How Will Holden Shutdown Effect Aussie-Built Chevrolets?

As we recently reported, General Motors is shutting down its Australian Holden branch. The initial reaction is likely spite from fans of the Aussie performance sedan-builder, but further examination reveals questions for the fate of three Australian-built Chevy vehicles. The Chevrolet Caprice PPV is currently in use as a police vehicle throughout the country. It is GM’s latest police offering, hoping to score business to replace the discontinued Ford Crown Victoria. The Caprice PPV has been offered since 2010, and is meant to be sold to police departments for several years to come. Its current place of assembly is Elizabeth, South Australia and is based on the (presumably outgoing) Holden Commodore (lead image). PHOTOS: See More of the Australian-built Holden VF Commodore SS-V
How Will Holden Shutdown Effect Aussie-Built Chevrolets?
Another vehicle based on the Commodore is the Chevrolet SS. The new Chevy rear-wheel drive performance sedan is set to debut this year, with Chevrolet’s new LT1 V8 under the hood. But what will become of these two Holden based sedans? PHOTOS: See More of the 2012 Chevrolet Caprice PPV In a statement from General Motors: “The Chevrolet SS is just arriving in dealerships and off to a good start, and the Caprice Police Pursuit Vehicle continues to be well received by government agencies across the country. We’ll continue to build the SS and the Caprice Police Pursuit Vehicle in Australia and have nothing to announce at this moment about future models.”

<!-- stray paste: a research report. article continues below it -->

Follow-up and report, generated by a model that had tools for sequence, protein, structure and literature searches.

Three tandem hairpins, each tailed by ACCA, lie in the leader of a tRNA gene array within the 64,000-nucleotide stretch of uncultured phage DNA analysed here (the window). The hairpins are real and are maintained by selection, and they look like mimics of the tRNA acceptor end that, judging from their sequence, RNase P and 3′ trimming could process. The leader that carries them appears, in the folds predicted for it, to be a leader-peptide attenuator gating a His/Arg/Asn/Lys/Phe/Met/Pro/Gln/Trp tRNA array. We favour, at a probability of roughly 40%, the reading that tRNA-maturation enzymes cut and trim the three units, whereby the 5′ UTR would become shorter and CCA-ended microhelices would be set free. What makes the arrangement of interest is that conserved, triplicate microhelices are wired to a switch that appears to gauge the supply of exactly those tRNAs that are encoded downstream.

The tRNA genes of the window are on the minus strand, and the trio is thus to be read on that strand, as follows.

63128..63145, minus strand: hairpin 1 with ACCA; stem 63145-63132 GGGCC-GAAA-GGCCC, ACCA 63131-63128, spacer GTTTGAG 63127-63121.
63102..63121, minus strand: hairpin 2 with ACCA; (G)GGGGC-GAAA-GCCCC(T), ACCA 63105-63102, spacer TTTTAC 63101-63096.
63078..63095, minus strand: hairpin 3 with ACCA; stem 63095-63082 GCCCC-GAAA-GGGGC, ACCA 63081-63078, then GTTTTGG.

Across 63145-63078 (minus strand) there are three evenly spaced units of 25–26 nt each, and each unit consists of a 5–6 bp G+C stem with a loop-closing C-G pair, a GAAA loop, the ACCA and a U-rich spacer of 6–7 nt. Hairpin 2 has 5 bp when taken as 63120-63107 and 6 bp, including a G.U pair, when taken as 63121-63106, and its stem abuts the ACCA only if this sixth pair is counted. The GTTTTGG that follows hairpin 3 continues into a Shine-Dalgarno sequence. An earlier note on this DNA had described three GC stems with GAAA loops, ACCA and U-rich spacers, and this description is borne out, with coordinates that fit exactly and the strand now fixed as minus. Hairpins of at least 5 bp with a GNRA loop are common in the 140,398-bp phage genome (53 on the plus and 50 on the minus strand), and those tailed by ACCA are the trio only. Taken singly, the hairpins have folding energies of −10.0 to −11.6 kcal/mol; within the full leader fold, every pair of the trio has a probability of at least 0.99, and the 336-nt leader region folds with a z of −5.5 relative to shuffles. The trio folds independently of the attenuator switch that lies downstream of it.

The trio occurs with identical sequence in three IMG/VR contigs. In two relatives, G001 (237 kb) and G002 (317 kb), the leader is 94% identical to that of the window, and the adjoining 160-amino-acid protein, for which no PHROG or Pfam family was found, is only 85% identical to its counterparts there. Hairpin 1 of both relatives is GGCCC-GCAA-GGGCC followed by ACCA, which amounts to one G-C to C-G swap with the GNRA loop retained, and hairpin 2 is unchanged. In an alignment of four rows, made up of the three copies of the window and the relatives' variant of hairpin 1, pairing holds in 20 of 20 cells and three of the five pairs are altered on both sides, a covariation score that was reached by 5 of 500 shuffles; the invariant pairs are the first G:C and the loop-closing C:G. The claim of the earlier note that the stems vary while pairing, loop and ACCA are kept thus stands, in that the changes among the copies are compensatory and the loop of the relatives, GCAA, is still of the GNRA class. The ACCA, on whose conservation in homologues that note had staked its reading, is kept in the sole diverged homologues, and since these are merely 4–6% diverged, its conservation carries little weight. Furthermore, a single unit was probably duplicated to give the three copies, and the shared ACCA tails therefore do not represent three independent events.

How Will Holden Shutdown Effect Aussie-Built Chevrolets?
PHOTOS: See More of the 2014 Chevrolet SS The SS will not be produced in the same numbers as originally projected. Chevrolet said it would first build between 15,000 and 20,000 vehicles, but it now appears only 2,000 will be built. What they did not mention in the statement was the long-term fate of the forthcoming Chevrolet Colorado. The new Chevy mid-size pickup truck is going to be built in Wentzville, Missouri, but it is based on the Australian Holden Colorado pickup truck, which went on sale in 2012. A major factor in making the Colorado a viable debut for Chevy was the fact that it was already based on an existing Australian vehicle. Without Holden in the mix, it puts the onus on the Chevrolet version of the truck to be a serious success in order for there to be a replacement vehicle when this generation has run its course.
How Will Holden Shutdown Effect Aussie-Built Chevrolets?
RELATED: 2015 Chevrolet Colorado - 10 Things You Need to Know For the immediate future, it looks like the impact will not be that great. Chevrolet will build less versions of the SS than expected, but when development of the next generation for these vehicles comes along, many questions will arise from the fact there is not an Australian rear-wheel drive sedan and four-wheel drive pickup which which Chevy can share the cost. For now, lets just be glad that all three vehicles will still be around of the immediate future.